Equalize Your Listening With HiFiScan

Audiophiles will go to such extents to optimize the quality of their audio chain that they sometimes defy parody. But even though the law of diminishing returns eventually becomes a factor there is something in maintaining a good set of equipment. But what if your audio gear is a little flawed, can you fix it electronically? Enter HiFiScan, a piece of Python software to analyse audio performance by emitting a range of frequencies and measuring the result with a microphone.

This is hardly a new technique, and it’s one which PA engineers have used for a long time to tune out feedback resonances, but an easy tool bringing it to the domestic arena is well worth a look. HiFiScan is a measuring tool so it won’t magically correct any imperfections in your system, however it can export data in a format suitable for digital effects packages.

Naturally its utility is dependent on the quality of the hardware it’s used with, but the decent quality USB microphone used in the examples seems to give good enough results. We see it used in a variety of situations, of which perhaps the most surprising is a set of headphones that have completely different characteristics via Bluetooth as when wired.

If audio engineering interests you, remember we have an ongoing series: Know Audio.

28 thoughts on “Equalize Your Listening With HiFiScan

      1. For a venue you’d need a system capable of optimizing individual long FIR filters for a ton of speakers and a ton of listening positions. Bela could do the zero latency convolution with open source, but the open source software to create the filters doesn’t exist.

        For closed source there is AFMG FIR maker.

        1. “For a venue you’d need a system capable of optimizing individual long FIR filters…”

          Kids these days. Back in my day, you’d hang some blankets on the walls, maybe point the speakers more this way or that way, and call it good. These days you need a DSP PhD just to tweak your tweeter.

          I’m kidding. My experience is that show sound increases with technological sophistication of the engineers. I remember when 9:30 in DC pulled all its audio cable and replaced it with ethernet direct to speaker/amp combos. Saw two shows shortly after that really blew my mind.

          But I’m also not kidding — you can do a lot with simpler means as well. Punk rock style.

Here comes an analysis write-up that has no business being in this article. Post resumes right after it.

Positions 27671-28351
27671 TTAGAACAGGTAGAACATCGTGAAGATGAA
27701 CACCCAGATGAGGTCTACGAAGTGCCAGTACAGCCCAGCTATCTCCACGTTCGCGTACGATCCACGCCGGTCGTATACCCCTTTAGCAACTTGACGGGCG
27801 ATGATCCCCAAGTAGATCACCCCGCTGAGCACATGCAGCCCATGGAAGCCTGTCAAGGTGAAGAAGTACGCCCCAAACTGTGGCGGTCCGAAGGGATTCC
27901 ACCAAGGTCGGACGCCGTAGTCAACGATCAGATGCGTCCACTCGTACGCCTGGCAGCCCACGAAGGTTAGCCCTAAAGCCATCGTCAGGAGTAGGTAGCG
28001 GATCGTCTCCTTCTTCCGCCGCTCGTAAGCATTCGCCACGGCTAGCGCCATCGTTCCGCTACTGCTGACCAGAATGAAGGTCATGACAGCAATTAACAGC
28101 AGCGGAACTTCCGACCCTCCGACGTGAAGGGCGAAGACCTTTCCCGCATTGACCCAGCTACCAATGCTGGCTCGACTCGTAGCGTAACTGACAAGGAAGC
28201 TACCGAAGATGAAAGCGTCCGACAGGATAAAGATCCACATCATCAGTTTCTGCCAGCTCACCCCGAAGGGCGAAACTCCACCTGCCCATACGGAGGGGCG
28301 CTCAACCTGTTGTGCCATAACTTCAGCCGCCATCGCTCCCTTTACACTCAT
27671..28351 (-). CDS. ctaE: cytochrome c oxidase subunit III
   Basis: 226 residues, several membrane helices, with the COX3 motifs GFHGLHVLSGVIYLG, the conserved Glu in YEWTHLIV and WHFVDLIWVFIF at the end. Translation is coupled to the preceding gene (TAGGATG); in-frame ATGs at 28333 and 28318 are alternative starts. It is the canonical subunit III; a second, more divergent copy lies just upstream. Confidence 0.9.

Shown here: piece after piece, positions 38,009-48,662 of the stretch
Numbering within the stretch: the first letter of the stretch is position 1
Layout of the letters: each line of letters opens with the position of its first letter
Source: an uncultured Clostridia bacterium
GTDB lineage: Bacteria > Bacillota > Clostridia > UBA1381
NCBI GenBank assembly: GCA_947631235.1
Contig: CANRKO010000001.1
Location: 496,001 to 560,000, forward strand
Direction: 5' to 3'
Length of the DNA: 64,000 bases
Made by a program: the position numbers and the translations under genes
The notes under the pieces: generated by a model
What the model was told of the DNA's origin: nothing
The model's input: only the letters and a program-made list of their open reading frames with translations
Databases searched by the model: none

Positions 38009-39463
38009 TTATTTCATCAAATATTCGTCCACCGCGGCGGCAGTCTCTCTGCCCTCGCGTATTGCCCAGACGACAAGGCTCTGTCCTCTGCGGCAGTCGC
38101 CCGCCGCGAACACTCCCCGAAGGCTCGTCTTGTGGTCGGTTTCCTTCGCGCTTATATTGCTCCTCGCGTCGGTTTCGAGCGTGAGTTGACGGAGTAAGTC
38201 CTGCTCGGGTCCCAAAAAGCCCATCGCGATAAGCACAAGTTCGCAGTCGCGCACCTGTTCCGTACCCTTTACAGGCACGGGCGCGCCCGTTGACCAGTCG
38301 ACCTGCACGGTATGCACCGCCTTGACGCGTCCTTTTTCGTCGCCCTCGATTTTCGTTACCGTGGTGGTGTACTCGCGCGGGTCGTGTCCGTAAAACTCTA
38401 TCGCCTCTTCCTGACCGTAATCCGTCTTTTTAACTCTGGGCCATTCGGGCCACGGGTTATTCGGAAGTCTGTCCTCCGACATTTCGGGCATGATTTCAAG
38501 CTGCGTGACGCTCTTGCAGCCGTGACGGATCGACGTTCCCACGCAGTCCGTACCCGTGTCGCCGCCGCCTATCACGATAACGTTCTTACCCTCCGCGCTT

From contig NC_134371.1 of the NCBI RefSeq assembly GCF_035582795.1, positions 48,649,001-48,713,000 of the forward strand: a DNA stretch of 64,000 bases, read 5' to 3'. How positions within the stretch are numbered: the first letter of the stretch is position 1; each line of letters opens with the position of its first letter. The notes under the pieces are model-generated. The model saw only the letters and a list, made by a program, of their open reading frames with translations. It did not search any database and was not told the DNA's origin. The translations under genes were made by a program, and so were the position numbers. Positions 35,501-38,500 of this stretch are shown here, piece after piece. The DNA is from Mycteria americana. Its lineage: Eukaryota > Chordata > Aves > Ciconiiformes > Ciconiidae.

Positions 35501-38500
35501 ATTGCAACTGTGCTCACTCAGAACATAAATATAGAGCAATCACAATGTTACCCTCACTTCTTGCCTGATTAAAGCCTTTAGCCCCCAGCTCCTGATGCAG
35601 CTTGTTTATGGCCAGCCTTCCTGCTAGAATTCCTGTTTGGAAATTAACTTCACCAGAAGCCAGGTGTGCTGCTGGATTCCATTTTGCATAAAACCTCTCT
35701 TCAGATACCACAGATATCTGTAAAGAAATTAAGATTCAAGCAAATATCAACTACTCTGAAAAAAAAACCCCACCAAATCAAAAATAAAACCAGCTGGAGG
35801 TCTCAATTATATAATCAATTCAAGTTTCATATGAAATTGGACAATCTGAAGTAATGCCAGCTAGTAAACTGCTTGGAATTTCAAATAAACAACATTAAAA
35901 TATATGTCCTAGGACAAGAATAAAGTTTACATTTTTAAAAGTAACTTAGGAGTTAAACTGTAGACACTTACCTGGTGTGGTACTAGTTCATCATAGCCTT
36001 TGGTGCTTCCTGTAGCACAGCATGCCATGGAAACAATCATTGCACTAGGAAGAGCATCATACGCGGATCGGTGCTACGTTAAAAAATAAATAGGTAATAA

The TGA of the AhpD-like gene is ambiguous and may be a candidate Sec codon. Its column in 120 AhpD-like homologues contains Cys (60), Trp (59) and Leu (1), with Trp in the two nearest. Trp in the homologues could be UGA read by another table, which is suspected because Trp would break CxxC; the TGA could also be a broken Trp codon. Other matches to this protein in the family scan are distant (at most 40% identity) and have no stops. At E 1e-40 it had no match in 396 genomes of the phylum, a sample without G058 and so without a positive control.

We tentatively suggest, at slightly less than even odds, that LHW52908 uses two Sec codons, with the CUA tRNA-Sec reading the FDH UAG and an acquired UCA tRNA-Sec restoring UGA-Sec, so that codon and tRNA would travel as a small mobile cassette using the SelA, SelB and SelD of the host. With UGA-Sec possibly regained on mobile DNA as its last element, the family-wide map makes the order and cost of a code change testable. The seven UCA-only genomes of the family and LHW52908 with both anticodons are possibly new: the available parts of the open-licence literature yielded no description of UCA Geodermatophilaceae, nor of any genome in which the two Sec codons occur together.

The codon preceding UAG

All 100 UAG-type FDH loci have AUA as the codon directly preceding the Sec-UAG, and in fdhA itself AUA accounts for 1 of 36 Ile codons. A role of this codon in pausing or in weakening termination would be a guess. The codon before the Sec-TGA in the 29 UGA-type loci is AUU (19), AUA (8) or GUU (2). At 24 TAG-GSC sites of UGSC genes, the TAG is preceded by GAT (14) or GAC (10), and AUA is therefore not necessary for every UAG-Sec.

1. Especially as long as you don’t care song text is unintelligible for most of the audience. This is the reality with traditional setups, sound from a dozen speakers can’t add up to something intelligible with only simple delay and volume.

            Sound engineers seem a bit resistant against FIR though. For fixed venues they are willing to use AFMG’s various software, but for on the fly they want knobs, not measurement and calibration.

      2. For a few decades now, sound systems are often quickly checked and EQ and levels tweaked by playing pink noise through the speaker(s) of interest, picking up the sound with an instrumentation mic at a representative location, and viewing the mic signal on a spectrum analyzer.

  1. Bluetooth sounding different is no surprise. I had a TV, well several, that looked completely different (better) through the VGA port. Maybe color space or some post processing due to the analog signal.

  2. We’re missing one final (important) part in the listening chain here. The person’s ears. I’m pretty sure with all the differences between people, hearing is different as well. So maybe that should be measured, and compensated for, as well?

    1. Compensated, but to what?

      Getting things right “by ear” is kinda like wine tasting. You get used to the sound in seconds and then keep twisting the knobs until you’re way off. Then you come back the next day and find it’s all wrong.

    2. There have been some efforts at that. Sony have this thing where they 3D scan your head to pick (or build) an appropriate HRTF for their headphone surround effect. Samsung have a simple wizard built into their phones that lets you tweak EQ through a series of audio tests. Years ago HTC put mics into their bundled earphones, the phone would play test sounds while you’re wearing the earphones and the response the mics picked up is used to correct audio output.

    3. Until there’s a SPDIF input at the base of your skull, your ears are the only sonic inputs you have. Whether you’re in the same room as a string quartet, or listening to a recording of them, you use the same ears. There’s no “right” ear response curve that your ears need to be “equalized” to. If the reproduction system (including the listening room) is capable of faithfully reproducing the sound of the thing that was recorded… job done.

  3. When I hear the term smart speaker they mean smart microphone and the network it’s on. The speaker is passive and dumb. These speakers and phones are smart. Bose did RTA in a home system years ago? My curb find surround amp has a mic jack for some EQ setting. Having four 10 band EQs I”ll pass.

    Phones-hearing aids will now do some of this for the user, more to come. Over the counter soon.

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